1.4 :: DAS Overview & Diagrams
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The Distributed Authentication System (DAS) utilizes the following major components:
The system is hosted on two different servers, DAS-M (master) and DAS-S (slave). We are using Red Hat 9 on the DAS servers.
In addition, the system also employs the following:
Each of these items will be described in detail.
Kerberos 5, hereafter referred to simply as "Kerberos" or "Kerb5", is a network authentication system developed at MIT. It uses cryptographic tickets in order to prevent plaintext passwords from being transmitted over the network. Kerberos is detailed in RFC-1510, which was published in 1993. Kerberos allows you to centralize your username and password information, and to keep it secure. The central resource is called a Key Distribution Center, or KDC.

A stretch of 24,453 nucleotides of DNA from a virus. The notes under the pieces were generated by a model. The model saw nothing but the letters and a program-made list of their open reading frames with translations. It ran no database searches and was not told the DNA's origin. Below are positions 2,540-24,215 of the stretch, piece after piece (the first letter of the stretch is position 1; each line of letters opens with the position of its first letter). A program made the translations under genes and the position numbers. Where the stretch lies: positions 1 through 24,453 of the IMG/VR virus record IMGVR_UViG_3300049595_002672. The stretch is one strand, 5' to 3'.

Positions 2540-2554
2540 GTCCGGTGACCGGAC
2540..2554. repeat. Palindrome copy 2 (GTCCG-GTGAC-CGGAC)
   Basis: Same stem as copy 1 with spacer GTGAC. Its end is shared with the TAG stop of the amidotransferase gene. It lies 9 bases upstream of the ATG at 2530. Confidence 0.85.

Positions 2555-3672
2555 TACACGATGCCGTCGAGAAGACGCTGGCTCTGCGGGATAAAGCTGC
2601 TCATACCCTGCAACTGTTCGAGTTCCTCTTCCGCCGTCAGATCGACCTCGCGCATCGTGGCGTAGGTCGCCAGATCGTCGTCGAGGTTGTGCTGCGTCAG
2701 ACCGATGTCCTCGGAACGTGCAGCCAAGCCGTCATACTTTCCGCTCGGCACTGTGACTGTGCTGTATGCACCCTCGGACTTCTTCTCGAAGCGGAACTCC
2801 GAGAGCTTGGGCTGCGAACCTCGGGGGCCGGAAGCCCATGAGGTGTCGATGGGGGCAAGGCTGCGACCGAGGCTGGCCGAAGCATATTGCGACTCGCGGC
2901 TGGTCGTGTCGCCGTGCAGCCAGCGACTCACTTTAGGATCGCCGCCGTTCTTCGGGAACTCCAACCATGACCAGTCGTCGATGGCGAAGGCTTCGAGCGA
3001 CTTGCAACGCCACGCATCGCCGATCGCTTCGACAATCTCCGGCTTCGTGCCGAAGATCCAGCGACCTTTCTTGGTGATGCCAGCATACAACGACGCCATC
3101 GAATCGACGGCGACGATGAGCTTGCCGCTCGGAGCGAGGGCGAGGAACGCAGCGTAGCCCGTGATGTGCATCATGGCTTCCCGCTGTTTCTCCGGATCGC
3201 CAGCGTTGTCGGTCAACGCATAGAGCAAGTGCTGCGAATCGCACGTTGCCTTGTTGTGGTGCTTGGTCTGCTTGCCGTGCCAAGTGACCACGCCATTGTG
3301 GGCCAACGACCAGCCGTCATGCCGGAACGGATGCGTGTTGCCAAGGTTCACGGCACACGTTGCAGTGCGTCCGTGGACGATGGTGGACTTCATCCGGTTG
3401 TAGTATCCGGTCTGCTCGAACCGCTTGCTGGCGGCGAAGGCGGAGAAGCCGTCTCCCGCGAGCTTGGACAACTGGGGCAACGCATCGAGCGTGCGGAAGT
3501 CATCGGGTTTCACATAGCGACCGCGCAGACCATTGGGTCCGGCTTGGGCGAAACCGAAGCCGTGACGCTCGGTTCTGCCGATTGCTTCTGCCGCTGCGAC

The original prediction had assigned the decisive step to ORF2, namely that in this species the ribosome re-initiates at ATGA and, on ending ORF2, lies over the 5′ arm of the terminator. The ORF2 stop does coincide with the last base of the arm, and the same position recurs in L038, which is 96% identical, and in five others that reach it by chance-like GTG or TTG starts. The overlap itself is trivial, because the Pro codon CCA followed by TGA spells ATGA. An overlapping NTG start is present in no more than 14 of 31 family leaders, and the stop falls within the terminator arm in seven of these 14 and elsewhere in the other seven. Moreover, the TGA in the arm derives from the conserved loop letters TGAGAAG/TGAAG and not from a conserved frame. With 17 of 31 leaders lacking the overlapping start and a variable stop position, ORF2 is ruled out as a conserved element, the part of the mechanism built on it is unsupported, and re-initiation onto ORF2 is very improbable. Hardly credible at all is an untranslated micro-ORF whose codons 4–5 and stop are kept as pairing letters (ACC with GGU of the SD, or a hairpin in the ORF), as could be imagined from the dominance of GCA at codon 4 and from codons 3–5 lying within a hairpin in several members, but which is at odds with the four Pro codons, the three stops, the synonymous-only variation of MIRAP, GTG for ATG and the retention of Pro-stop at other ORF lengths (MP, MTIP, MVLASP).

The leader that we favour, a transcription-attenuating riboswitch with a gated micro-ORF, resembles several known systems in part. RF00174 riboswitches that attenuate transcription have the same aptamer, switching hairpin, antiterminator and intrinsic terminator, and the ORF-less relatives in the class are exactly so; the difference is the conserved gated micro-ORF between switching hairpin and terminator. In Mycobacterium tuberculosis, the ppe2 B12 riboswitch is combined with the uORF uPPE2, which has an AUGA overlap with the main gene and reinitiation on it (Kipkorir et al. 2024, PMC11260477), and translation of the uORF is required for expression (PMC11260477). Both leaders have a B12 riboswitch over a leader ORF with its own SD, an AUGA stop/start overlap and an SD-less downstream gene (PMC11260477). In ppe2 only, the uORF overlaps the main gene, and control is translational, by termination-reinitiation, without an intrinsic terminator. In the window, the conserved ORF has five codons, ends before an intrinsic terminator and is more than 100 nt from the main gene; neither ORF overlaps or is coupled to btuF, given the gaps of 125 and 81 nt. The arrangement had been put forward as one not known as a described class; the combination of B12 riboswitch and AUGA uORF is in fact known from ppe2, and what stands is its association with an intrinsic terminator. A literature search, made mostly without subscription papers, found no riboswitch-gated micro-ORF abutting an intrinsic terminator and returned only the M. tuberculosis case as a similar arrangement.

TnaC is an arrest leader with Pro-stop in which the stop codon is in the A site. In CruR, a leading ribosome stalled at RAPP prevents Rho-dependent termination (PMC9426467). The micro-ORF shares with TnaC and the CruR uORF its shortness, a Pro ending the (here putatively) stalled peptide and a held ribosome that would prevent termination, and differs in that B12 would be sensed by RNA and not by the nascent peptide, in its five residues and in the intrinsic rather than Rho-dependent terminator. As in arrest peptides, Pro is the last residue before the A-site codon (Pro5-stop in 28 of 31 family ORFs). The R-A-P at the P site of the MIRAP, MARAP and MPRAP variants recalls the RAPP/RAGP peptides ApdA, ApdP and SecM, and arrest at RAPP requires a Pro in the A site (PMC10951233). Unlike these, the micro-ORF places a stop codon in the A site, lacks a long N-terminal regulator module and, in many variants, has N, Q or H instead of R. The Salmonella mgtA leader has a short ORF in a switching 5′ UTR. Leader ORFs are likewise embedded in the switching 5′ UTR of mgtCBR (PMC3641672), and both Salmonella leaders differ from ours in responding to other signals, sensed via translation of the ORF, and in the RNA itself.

There are two well-known freely available implementations of Kerb5. One is MIT Kerberos, and the other is Heimdal. This project uses MIT Kerberos on the KDC. Passwords are secured by Triple DES encryption in CBC mode.
What exactly can Kerberos do for us? It can allow us to login to hosts where we do not have a local account, using the same username and password anywhere in the organization. Kerberos can allow Perl or Apache web server authentication against the same usernames and passwords. There are also some applications that let you run in a Single Sign On (SSO) environment, such as Kerberized RLOGIN and Kerberized RSH. Kerberos also includes a suite of adminstrative tools that allow password and account management from anywhere on the network via encrypted sessions.
In addition to the aforementioned benefits, Kerberos is also used by AFS and OpenAFS (clustered network filesystems). The new version of NFS, NFSv4, mandates the use of Kerb5. NFSv4 will be a significant, standardized network file system available in open source operating systems soon. Therefore, if you want to enjoy the benefits of OpenAFS or NFSv4, you will need a Kerberos infrastructure.